Upon returning to the gym in March, I was surprised at how easy it was to get back into free weights – I felt strong, and any DOMS were minimal. It only took a few sessions before I was able to really push the intensity and test my strength levels.

There was no real change in strength for exercises like Single Leg RDL (DB) and Chin Ups, which I had been able to maintain with the amount of weight I had, or through the volume, I was able to perform.

What shocked me was how close my strength levels were to more 'pure' max strength exercises like the Deadlift (Trap Bar) and Bench Press (DB).

I was within 10-15kgs of my typical strength levels of close to 2x body weight for the deadlift. It wasn't so much that I didn't feel like I didn't have enough strength to do it, but the body just hadn't been exposed to that level of 'neural stress' in too long and went into protection mode. This was less noticeable for the bench press, and I was within 5kgs of my usual level.

While these were not 'true' 1RM tests, it is indicative of the real-world environment many of us work in and is reliable enough to determine that I experienced only minor losses in max strength when using only the Exerfly with maximal intensities.

Conclusions and Practical Applications

The biggest practical application I take from the experience is that using a flywheel device in the absence of other forms of heavy external load training (i.e., that which uses a Barbell or heavy DBs) is sufficient to at least maintain maximum strength levels.

While I could utilise a 20-24kg DB (depending on timeline), training sessions always involved high-intensity efforts and were supplemented by short duration, high-effort speed sessions (predominantly accelerations).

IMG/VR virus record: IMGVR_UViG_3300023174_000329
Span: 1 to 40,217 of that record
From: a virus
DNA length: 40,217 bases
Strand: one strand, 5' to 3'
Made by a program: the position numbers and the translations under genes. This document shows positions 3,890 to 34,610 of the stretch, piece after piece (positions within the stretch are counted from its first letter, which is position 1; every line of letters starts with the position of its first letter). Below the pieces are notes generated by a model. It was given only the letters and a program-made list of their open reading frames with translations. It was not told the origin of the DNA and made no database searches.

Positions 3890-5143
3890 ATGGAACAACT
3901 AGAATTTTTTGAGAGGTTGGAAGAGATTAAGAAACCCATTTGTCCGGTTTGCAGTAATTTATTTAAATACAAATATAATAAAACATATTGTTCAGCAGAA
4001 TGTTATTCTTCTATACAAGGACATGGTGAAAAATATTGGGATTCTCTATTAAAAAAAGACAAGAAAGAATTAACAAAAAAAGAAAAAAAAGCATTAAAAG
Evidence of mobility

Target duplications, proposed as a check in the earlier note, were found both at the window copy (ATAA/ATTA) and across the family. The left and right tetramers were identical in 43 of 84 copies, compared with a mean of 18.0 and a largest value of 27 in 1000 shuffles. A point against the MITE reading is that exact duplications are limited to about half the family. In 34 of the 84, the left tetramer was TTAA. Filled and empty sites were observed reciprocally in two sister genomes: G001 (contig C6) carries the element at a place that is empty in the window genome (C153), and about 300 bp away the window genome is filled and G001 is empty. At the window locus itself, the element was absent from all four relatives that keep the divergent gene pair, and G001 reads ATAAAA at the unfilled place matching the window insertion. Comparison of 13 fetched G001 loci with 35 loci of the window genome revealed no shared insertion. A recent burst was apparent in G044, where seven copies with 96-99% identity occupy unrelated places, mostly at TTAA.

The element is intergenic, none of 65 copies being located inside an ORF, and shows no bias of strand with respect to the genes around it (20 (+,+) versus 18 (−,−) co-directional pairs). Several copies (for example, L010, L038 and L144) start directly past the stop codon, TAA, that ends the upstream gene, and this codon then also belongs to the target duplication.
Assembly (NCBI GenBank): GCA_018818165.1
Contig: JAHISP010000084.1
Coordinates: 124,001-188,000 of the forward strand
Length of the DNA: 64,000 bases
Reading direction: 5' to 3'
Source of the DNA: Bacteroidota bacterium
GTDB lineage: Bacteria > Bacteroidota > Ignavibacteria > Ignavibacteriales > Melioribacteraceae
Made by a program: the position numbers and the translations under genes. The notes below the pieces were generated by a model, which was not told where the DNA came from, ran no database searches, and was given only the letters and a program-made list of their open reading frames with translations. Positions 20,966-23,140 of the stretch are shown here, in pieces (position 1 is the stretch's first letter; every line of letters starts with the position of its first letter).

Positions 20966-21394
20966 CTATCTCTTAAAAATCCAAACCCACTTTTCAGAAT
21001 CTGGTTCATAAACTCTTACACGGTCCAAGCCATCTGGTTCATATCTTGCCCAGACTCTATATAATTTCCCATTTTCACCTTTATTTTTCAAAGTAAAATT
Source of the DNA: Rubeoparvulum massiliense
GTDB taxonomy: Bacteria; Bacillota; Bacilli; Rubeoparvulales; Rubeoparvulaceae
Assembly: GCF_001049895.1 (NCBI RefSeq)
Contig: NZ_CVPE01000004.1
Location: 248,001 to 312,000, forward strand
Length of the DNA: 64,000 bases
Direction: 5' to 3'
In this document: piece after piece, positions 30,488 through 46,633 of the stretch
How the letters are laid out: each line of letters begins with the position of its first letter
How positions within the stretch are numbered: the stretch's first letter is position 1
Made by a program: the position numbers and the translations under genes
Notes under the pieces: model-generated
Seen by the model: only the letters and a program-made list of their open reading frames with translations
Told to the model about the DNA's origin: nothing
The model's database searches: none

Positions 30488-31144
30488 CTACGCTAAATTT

Physiologically, two critical drivers of max strength are the amount or rate of motor unit activation (or their combination). These two factors can be influenced by load and effort– which is why high-intensity jumps and speed efforts can improve max strength.

As both were regular elements of my training, how much max strength was maintained by the Exerfly or jump and sprint activities is hard to say. With that said, I'm not sure knowing this makes a useful difference.

What is important, I think, is that the Exerfly AND the other high-intensity efforts supported each other.

There certainly is one difference that the Exerfly provided – heavy eccentric load, which is the physiological basis for using a flywheel. So not only could I maintain high-intensity efforts during this time, but there was also regular heavy eccentric loading – something that would not have been possible otherwise.

You could argue that even if I had returned to the gym earlier, the eccentric loading I would have experienced would have been less due to the limitations on eccentric load when utilising traditional weight training.

From a psychological standpoint, equipment that allowed me to utilise heavy loads and 'feel strong' kept sessions interesting and provided motivation for completing sessions at home when there was lots of change – a classic time for training to cease.

What I find very interesting is that lower body strength levels were maintained, despite not having access to the platform after November. Between January and March, I relied on the rack mount for heavy external load exercises that primarily involved the upper body (the rack mount lends itself to the upper body and accessory work).

Increases in max strength are specific but not isolated to the area used, so in theory, doing upper body max strength will positively affect other areas of the body.

Again though, I firmly believe it was the Exerfly itself that made the difference. When doing UB exercises in a standing position, the high levels of eccentric overload mean that the lower body contributes significantly to performing each rep by providing a strong base to execute the movement from and staying in control of the eccentric overload.

This last point is critical in performing each rep with max intent, in turn keeping eccentric forces high.

The Exerfly provides tremendous value and utility as part of a home gym. A small footprint, easy setup, and lightweight make it great for saving space and transportation – so it can be taken to the gym and connected to a rack; to the local park and tied to a tree; o used in platform mode in a speed and power session.

In an athletic setting, it can be crucial in maintaining performance. High levels of max strength and power can be maintained, but training could be streamlined and consistent – no relying on hotel gyms or squeezing in around classes at the local gym. Training efficiency can also be improved with strength sessions completed at the same location as field sessions, eliminating the need for travel between locations.